How Achieve Atlanta’s College Partners Adapted Their Approach to Student Retention During COVID-19

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In mid-December 2020, Oglethorpe University’s leadership team noticed that first-year student registrations for the spring term were below prior years’ registrations at the same point in time. In response, they pulled together the university’s academic advisers, split up all unregistered students into groups, and called each of them. For students who didn’t respond, they reached out to other contacts who had a relationship with the student. In the end, nearly 95% of first-time, full-time students registered for the spring term – only the second time spring registration had surpassed 94% during the last decade. For those who didn’t register, Oglethorpe documented their reasons for the first time, gathering data that will inform future retention efforts. All five first-year Achieve Atlanta Scholars returned for the spring term.

Oglethorpe is one example of how Achieve Atlanta (AATL) partners are adjusting their support for students during the COVID-19 pandemic. Last fall, AATL welcomed 774 Scholars who attended colleges across the country. Scholars are graduates of Atlanta Public Schools who qualify for need-based AATL scholarships to attend an eligible college, university or technical program. Those who attend school in-state, roughly 80%, are assigned a coach to help them navigate college either through one of our 11 college partners or two non-profit partners.

As outlined in our recent report, Scholar Enrollment Patterns During COVID-19, first-year Scholars remained enrolled for the spring term at lower rates than they had in prior years. This reality, along with other ways the pandemic forced students to adjust to virtual or modified classes, pushed our partners to rethink how they support Achieve Atlanta Scholars’ journeys toward a college degree.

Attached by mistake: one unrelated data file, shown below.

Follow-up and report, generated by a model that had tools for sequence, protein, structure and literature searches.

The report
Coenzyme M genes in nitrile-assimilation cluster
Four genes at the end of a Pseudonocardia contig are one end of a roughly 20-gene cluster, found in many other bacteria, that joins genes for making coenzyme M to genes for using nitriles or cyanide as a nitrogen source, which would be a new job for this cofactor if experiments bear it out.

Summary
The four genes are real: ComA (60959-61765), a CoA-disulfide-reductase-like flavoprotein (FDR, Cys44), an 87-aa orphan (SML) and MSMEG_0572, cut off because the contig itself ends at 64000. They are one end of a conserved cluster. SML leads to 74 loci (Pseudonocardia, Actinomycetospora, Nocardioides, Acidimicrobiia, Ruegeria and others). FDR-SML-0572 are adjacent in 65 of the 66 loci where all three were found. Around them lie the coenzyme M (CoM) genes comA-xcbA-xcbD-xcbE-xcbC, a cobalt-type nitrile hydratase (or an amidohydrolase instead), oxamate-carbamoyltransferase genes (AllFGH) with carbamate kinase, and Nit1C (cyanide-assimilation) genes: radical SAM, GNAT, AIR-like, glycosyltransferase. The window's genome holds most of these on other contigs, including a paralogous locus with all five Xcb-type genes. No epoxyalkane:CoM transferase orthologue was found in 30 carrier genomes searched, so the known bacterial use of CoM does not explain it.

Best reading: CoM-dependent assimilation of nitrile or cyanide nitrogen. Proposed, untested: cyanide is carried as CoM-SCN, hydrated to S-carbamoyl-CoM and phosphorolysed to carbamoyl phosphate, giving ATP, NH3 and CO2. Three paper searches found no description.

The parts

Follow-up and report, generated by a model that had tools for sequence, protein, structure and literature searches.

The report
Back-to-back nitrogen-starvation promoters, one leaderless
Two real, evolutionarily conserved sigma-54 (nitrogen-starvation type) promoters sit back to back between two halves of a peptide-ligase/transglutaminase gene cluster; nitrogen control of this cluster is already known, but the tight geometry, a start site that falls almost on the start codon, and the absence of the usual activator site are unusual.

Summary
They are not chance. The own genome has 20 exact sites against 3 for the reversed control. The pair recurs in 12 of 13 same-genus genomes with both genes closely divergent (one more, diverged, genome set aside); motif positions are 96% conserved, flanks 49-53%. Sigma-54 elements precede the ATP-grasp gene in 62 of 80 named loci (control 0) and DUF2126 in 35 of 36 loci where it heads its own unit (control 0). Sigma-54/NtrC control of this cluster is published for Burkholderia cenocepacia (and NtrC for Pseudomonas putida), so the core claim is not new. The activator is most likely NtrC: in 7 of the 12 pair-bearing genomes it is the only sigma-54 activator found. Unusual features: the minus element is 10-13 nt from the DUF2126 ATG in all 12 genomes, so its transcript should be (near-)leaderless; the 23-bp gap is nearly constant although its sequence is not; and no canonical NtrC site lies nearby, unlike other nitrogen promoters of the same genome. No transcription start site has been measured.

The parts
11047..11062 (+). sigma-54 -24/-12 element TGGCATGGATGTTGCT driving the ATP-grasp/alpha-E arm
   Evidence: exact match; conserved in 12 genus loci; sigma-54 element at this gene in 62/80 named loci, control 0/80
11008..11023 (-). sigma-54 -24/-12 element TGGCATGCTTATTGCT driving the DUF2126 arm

Some other examples include:

  • Georgia Tech recognized that facilitating student connection was vital for keeping students engaged and enrolled. With that in mind, staff set up large conversation tents at several outdoor locations on campus so that students could safely gather and talk.
  • Last October, Kennesaw State University President Pamela Whitten requested that the registrar’s office divide up all 8,800 first-year students amongst herself and her 13 cabinet members. Each leader called the students on his/her list over a two-week period to check on how they were doing, point to resources, and encourage them to register for spring courses. The calls provided an unexpected personal touch for students and an opportunity for senior leaders to understand students’ situations. During the spring term, the cabinet members and their teams called all first- and second-year students.
  • AATL coaches at Savannah State University created virtual game nights to keep AATL Scholars connected to each other, including a virtual escape room.
  • AATL Scholars at the University of West Georgia asked their coaches to find ways to help them connect with each other and have fun during COVID-19. Coaches set up a series of events where Scholars could drop in, eat snacks and take a deep breath from classes. The favorite was Pictionary Air, a game in which a student draws in the air and others must interpret it after seeing it on a screen.

Looking toward the fall, partners are considering which practices to continue after the pandemic. Oglethorpe has created a cross-functional student success task force to better coordinate student support across university staff. “The hope is that we will be proactive instead of reactive next year, to make sure students are on track earlier on,” says Whitney Lewis, dean of admission and financial aid.

Kennesaw State plans to continue making calls to first-year students. Chief Diversity Officer Sylvia Carey-Butler says, “The calls connected us with students who we may not otherwise speak with and showed the importance of leadership understanding them. It makes a large university small.” Kennesaw State is also adjusting its programming at the beginning of the fall term to focus on helping second-year students integrate into the campus, since they missed many opportunities during their first year.

In preparation for this fall, our College Success team is holding summer planning meetings with each partner to discuss lessons learned from the past year and plan for how to best support AATL Scholars during the year ahead.

This blog represents the second in a series of blogs about Scholar enrollment patterns during the 2020-2021 year. In the weeks ahead, we’ll publish follow-up blog posts on why many first-year Scholars did not return for the spring term and student perspectives on college expectations vs. reality during the pandemic. Subscribe for updates in your email inbox.

Download the full report here

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